Gary Spaniol was on a routine early-morning laundry run a couple Fridays ago when he came up on a mesmerizing scene more fitting of Yellowstone’s Lamar Valley than the southern Gros Ventre Range.
The recent Oregon import, who caretakes the Granite Hot Springs commercial pool, was pointed south on the way to Alpine when he noticed a cow elk standing midstream in the raging and turbid creek that parallels Granite Creek Road. Her tongue slung out of her mouth. Spaniol, an avid hunter, knew something was wrong. It was calving season, and he soon learned that the cow was chauffeuring a little one, and momma was rightly concerned.
“They get across the river, she backs off, the baby beds down,” Spaniol said, “and a couple seconds later I see two black things coming down the hill.”
The “black things,” he realized, were grizzly bears hot on the trail of the vulnerable young wapiti. In no time, both bears entered the sediment-filled torrent right where the elk did. One bear turned back in the current, but the other bruin promptly made it to Granite’s western shoreline and went into full-on hunt mode.
“He systematically does these little circles,” he recalled. “Stand up, smell the air, drop down on all four and do another circle. He did about six to eight of them, and then, finally ...”
Spaniol makes the sound of a bleating, distressed elk calf. The grizzly bear had caught its breakfast. Realizing it was a once-in-a-lifetime viewing, he busted out his iPhone to take a video.
The next five minutes, which the pooltender caught on tape, show the little calf’s last moments of life. The other grizzly swims the swollen creek, finds its counterpart and the calf and then the bleating abruptly stops.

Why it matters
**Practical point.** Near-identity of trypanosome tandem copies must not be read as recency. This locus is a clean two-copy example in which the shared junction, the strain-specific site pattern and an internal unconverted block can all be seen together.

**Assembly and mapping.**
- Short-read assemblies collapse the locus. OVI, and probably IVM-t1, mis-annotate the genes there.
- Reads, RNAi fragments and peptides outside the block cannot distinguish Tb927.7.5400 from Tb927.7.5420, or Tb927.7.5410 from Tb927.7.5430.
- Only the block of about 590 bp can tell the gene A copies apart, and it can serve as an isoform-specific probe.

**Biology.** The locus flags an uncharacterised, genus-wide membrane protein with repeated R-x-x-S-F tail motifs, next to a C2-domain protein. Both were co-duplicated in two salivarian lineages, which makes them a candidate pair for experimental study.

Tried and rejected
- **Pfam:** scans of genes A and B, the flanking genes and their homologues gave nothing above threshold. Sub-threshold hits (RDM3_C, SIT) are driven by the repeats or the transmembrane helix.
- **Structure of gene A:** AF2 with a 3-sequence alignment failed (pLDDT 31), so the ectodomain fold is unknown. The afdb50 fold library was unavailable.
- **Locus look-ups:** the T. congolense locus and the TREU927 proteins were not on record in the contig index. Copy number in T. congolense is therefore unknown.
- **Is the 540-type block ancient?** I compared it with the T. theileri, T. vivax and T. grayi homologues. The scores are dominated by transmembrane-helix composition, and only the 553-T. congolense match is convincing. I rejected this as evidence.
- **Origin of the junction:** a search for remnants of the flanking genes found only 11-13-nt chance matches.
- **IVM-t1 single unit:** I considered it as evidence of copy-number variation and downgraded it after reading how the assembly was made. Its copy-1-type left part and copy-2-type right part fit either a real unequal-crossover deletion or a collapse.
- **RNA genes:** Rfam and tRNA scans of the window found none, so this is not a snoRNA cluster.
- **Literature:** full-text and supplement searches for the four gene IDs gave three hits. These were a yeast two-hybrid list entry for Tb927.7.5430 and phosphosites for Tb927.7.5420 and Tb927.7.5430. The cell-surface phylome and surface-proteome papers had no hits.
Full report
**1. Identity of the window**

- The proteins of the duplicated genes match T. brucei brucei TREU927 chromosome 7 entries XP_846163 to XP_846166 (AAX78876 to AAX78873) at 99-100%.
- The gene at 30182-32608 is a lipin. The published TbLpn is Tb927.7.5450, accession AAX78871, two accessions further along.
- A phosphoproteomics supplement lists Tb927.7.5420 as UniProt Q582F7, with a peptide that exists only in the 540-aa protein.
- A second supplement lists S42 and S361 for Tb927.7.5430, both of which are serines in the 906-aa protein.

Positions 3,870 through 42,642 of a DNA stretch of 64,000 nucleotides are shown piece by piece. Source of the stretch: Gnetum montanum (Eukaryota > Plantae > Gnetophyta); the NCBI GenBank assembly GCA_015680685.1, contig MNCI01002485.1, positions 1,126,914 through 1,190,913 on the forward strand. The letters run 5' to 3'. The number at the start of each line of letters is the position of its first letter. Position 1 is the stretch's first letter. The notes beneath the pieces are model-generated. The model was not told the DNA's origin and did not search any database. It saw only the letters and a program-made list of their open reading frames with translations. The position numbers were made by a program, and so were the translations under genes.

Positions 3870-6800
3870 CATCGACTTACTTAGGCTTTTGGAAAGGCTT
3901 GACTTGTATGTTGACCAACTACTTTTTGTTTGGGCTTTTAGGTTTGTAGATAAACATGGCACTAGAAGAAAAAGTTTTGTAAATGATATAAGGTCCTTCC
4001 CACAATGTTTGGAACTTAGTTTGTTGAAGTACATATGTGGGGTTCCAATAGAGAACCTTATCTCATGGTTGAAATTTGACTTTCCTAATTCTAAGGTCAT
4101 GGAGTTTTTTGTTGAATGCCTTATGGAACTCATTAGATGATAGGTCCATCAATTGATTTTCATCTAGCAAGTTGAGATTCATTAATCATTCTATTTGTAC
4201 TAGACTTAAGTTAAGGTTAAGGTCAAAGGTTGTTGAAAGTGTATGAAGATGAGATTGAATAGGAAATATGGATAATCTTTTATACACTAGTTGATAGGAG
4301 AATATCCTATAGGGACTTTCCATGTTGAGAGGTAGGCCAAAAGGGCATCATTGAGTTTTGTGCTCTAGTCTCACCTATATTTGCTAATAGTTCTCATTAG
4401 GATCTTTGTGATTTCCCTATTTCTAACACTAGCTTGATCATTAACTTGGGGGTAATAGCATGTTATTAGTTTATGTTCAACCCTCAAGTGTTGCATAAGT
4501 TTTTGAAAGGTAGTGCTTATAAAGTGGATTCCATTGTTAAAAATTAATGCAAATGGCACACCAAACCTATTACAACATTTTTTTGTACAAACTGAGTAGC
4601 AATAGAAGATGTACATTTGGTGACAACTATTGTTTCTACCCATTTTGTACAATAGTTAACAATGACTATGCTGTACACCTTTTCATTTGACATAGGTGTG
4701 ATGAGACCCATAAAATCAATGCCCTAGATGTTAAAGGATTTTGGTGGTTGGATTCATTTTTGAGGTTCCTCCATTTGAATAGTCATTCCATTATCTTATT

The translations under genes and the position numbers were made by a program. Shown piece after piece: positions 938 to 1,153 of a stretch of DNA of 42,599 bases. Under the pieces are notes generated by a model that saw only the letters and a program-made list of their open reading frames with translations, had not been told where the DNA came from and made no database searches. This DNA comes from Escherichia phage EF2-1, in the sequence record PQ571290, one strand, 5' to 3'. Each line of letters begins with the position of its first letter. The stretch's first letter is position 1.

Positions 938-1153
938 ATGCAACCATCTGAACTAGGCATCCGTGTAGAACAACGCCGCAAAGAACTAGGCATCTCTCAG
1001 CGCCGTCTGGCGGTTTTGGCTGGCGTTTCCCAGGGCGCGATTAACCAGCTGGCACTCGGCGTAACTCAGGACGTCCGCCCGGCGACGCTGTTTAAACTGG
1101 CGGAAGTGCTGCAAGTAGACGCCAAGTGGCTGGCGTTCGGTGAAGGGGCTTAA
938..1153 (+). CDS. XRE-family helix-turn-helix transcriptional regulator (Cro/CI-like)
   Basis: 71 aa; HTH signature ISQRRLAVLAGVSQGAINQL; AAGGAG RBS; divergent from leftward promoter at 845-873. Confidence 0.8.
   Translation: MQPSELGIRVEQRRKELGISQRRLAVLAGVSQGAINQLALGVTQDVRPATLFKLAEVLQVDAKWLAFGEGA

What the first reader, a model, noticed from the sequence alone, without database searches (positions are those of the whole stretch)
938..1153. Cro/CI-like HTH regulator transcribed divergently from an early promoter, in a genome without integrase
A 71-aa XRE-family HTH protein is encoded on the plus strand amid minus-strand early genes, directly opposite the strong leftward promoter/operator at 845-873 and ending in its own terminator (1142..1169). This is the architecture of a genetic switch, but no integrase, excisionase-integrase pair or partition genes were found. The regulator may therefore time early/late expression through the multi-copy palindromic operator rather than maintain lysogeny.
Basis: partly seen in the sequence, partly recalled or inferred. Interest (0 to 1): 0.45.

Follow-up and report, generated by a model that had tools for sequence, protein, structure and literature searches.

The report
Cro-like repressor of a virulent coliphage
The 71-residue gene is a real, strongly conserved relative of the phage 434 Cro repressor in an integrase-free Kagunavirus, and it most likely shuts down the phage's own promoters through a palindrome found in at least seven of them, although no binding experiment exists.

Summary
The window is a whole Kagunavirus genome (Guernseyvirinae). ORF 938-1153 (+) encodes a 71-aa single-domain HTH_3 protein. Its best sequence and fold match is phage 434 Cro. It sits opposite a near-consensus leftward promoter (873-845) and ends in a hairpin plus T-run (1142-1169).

The ursine consumption of the veal venison was a shockingly quick affair.
“Four minutes!” Spaniol said. “Gone! I was freaking out. I’m like, ‘I guess they ate it?’”
The whole scene played out about 5 miles upstream of Granite Creek’s confluence with the Hoback River, and in clear view of a relatively well-used road that’s lined by summer homes, a ranch, Safari Club International leadership school and dispersed and developed camping areas.
Spaniol had walked into grizzlies with their cubs twice in the general area before, but both times it was well into the backcountry while black bear hunting. It’s great, he said, that grizzlies have moved into the area, but he’s equally concerned about potential conflict with unsuspecting visitors.
“The Forest Service and the game wardens said it’s no big deal,” Spaniol said, “but to me and a couple people that live in this canyon it is a big deal.”
Spaniol isn’t the first person to encounter a grizzly in the Granite Creek bottomlands. The Interagency Grizzly Bear Study Team started factoring the stream drainage into its occupied range habitat maps beginning in 2011. Two summers ago the Greater Yellowstone Coalition outfitted Granite Creek Campground with bear-proof food storage boxes.
Longtime Granite Creek landowner and former resident Janet Moore came upon a “huge, humped, blond-haired” bear marauding hummingbird feeders on her deck about 10 years ago. A blast of bear spray sent it on its way, but the story doesn’t have a happy ending. The Wyoming Game and Fish Department, she said, trapped and moved the bear — which was a grizzly — but it again found trouble at a Shoal Creek outfitter’s camp and was caught and killed.
A decade later, Moore shares Spaniol’s desire to alert Granite Creek visitors to the fact that they’re spending time in grizzly country.
“There’s 23 summer homes there and a lot of people, with campers everywhere,” Moore said. “I do worry, I really do. A lot of people just don’t realize that [grizzlies] can cause problems.”
Spaniol, for his part, is changing how he does business now that he knows he’s sharing the valley with an apex carnivore.
“This was an eye-opener,” Spaniol said. “I’m not afraid, I’m just wiser ... I’ve done some stupid sh—t in these woods since I’ve been here.
“I’m not going to play with my cow call anymore,” he said. “And I’m going to be totally aware of my surroundings all the time.”
Contact Mike Koshmrl at 732-7067 or firstname.lastname@example.org.